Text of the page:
I’ve been checking out Task-stream, to see how it works, and test if it would be helpful for making art lesson plans. On the one hand, it does a good job of holding the user’s hand through the lesson planning process, giving suggestions, letting them click through standards menus, easily upload attachments, and giving descriptions for each segment of the lesson plan. But then again, it holds the user’s hand and babies them through making the units and lessons, without having the more advanced options that someone who is already a teacher would need. For instance, there are several nice lesson or unit plan templates, which can be linked together to make a nicely navigable whole. There’s only one problem — students don’t have the ability to make our own templates. I can’t say, for instance, that I want a “essential question” category added to the standard NAU format, which is most inconvenient.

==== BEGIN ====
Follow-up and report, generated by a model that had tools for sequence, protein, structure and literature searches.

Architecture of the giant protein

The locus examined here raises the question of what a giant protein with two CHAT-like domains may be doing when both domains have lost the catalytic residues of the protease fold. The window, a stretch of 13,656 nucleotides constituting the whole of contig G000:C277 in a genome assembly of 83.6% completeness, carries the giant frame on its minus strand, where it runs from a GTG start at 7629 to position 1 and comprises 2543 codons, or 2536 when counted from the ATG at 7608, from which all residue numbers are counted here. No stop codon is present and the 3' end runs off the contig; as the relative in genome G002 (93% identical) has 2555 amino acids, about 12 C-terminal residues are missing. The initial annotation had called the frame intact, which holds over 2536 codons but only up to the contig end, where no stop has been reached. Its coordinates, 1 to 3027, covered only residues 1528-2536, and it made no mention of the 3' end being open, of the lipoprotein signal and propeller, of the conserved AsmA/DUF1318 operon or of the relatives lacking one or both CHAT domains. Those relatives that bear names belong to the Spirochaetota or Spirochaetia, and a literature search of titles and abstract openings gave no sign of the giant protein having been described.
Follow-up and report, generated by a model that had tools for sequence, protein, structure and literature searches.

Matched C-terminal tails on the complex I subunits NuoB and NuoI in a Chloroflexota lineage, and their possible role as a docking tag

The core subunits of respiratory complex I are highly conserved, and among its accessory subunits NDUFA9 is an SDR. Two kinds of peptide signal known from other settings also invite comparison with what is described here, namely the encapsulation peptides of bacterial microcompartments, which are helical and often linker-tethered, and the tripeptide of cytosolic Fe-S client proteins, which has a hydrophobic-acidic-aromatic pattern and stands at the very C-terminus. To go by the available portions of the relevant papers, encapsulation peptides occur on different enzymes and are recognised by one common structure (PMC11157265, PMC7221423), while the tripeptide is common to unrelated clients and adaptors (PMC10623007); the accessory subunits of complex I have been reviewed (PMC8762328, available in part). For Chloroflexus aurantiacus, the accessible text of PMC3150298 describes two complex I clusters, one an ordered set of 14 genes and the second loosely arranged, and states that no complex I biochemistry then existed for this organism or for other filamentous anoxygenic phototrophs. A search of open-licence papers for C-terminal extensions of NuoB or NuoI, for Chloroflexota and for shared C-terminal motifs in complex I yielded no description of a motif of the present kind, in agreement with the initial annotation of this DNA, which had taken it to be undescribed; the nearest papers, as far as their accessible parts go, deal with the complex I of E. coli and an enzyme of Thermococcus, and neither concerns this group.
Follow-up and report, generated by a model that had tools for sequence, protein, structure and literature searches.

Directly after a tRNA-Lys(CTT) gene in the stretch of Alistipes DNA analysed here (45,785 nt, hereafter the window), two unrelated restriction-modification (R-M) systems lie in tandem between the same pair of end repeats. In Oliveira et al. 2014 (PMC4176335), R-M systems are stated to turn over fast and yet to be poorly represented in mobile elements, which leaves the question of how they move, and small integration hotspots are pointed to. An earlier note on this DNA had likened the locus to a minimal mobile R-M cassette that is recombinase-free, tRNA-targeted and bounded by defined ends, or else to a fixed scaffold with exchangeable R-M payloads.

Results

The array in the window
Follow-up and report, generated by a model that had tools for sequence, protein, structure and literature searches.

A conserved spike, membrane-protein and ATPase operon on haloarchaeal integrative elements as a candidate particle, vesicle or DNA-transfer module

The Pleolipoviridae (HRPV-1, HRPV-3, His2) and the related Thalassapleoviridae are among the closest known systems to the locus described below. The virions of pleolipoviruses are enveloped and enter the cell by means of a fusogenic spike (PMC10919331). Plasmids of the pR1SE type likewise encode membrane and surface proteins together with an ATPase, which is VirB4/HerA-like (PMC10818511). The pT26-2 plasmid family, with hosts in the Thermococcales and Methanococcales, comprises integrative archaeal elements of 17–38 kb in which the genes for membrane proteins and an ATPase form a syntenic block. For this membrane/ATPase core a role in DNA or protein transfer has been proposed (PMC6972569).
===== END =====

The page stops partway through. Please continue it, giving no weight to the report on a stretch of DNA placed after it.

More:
The same problem pops up in other Task-stream features. It is not possible, for instance (unless I’m missing something really obvious), to edit the portfolio or web-page templates in CSS or HTML, and give them a bit of personality. They are the epitome of cookie-cutterism.
An example of a portfolio. Yes, that’s pretty much how it has to look.
Here’s a lesson plan (don’t look at it too carefully!).
They are in desperate need of something in between the teaching for dummies approach that seems to be going on now, and requiring that everyone be able to program all those features themselves. A customizable portfolio template that allows at least as much freedom as blogspot would be a nice start. And wouldn’t it be cool to have a matching blog, portfolio, and website?
This is pretty interesting: there may be no room for individual creativity in Taskstream portfolios, but there seems to be plenty scope for education professors to impose rigid requirments on us. I found a Secondary BS Ed required portfolio. Oh how I am brimming with enthusiasm for next semester.
At least there can be no confusion on what they want from us.